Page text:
* General Motors to name first female CEO
* Lululemon falls as retailer names new CEO, founder steps
* Twitter rallies to new high
* Indexes down: Dow 0.1 pct; S&P 0.1 pct; Nasdaq 0.1 pct
By Angela Moon
NEW YORK, Dec 10 U.S. stocks edged lower on
Tuesday on profit-taking after the S&P 500 index climbed to a
record in the prior session and on caution the Federal Reserve
may end its stimulus efforts sooner than expected.
General Motors Co was in the spotlight after the
automaker said its Chief Executive Dan Akerson will step down
next month and be replaced by Mary Barra, the company's global
product development chief. The stock was down
0.3 percent at $40.76.
A number of U.S. policymakers suggested on Monday the U.S.
central bank may be closer than previously thought to trimming
its $85 billion a month in bond purchases, a policy that stocks'
"The Dow (at) 16,000 and the S&P 500 (at) 1,800 are two key
levels immediately below current prices," said Bryan Sapp,
senior trading analyst at Schaeffer's Investment Research in
"I would keep a close eye on those two round-number levels
going forward, as they've been key support and resistance zones
over the past few weeks."
The Dow Jones industrial average fell 18.55 points or
0.12 percent, to 16,006.98, the S&P 500 lost 1.81 points
or 0.1 percent, to 1,806.56 while the Nasdaq Composite
dropped 6.417 points or 0.16 percent, to 4,062.334.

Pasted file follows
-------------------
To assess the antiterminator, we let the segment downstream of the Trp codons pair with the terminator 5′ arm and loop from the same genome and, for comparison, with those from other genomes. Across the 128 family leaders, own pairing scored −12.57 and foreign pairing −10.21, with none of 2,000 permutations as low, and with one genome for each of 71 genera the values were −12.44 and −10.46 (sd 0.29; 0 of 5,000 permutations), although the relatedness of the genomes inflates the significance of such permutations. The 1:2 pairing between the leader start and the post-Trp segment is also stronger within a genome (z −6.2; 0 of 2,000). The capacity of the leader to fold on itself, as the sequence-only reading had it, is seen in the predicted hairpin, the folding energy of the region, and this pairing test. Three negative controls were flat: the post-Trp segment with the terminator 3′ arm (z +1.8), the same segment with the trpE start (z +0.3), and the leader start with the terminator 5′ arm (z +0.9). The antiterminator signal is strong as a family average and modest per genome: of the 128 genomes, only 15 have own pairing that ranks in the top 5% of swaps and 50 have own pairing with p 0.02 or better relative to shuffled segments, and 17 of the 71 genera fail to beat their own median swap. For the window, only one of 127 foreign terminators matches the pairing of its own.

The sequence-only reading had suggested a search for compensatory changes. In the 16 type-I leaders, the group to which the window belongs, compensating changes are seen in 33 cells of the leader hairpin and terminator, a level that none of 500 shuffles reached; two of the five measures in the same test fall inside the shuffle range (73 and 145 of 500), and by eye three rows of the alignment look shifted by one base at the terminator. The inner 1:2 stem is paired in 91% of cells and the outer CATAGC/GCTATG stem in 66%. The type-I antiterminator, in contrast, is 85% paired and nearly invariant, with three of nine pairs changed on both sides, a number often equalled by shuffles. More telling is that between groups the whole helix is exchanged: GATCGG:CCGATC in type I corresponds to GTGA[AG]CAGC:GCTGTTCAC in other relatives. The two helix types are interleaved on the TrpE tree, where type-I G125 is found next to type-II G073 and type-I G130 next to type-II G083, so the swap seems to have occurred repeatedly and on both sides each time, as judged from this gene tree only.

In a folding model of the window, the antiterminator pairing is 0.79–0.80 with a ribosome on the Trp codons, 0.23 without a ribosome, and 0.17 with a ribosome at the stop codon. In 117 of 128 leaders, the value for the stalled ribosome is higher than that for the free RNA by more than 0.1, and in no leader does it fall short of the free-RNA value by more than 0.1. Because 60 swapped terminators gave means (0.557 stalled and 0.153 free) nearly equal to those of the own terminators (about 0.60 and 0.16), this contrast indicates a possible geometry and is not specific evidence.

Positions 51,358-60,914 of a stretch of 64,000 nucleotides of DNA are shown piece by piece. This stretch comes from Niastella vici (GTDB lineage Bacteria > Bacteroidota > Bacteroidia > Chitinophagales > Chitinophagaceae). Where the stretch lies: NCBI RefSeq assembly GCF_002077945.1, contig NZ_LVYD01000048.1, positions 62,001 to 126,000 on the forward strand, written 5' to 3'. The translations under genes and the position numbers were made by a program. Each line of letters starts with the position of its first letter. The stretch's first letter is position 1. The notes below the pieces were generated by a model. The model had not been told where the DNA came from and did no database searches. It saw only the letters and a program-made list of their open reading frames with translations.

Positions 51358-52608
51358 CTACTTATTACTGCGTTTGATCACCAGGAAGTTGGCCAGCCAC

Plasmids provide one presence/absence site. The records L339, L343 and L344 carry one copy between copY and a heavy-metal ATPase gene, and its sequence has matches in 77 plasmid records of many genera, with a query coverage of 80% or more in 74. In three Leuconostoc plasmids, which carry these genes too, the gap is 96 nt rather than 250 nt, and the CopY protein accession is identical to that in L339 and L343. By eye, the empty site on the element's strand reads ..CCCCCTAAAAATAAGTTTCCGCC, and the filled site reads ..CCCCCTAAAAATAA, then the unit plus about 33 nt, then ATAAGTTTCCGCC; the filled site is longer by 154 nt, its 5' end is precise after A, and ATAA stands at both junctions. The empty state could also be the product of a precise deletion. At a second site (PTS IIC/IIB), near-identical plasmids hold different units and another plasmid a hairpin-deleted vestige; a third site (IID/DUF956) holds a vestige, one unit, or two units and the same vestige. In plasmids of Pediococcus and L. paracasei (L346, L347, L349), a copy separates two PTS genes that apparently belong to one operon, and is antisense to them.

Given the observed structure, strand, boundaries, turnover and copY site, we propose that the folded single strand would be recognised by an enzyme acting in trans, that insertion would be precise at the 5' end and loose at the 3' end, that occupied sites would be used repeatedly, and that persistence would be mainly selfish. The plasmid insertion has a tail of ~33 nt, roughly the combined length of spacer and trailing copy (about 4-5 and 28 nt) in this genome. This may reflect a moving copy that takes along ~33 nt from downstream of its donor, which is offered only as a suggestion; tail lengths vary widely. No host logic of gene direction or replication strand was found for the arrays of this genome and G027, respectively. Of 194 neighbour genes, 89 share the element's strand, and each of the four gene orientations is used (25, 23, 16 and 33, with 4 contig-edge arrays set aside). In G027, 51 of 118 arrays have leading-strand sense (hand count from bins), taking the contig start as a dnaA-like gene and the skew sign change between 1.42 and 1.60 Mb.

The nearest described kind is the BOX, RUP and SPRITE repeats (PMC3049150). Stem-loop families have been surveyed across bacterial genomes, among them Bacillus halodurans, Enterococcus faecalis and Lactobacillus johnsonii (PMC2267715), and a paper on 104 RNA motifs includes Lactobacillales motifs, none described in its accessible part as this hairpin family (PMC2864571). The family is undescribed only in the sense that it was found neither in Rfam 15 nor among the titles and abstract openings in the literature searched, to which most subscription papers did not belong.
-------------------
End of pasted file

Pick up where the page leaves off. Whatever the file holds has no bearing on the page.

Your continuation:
A budget deal could emerge in Congress on Tuesday aimed at
avoiding a U.S. government shutdown on Jan. 15 and relieving
federal agencies of some indiscriminate spending cuts,
congressional aides said on Monday.
High-end yoga-wear retailer Lululemon Athletica Inc
named Laurent Potdevin as its chief executive and said founder
Chip Wilson will step down as non-executive chairman. The stock,
which was trading higher before the market opened, fell 1.5
percent to $69.25.
Twitter shares hit an all-time high of $51.66
shortly after the open on Tuesday, after soaring more than 9
percent on Monday.
Shares of Rambus Inc jumped nearly 18 percent to
$10.02 after settling a patent dispute with Micron Technology
Pressuring global equities, data showed China's industrial
output rose in November slightly below market expectations,
while retail sales were up stronger than expected.
U.S. regulators vote to adopt the controversial Volcker rule
to ban proprietary trading by banks and limit their investments
in hedge funds.
Early on Tuesday, Bart Chilton, a member of the Commodity
Futures Trading Commission, said he expected the agency to adopt
the rule behind closed doors on Tuesday despite a government
shutdown in Washington because of a snowstorm.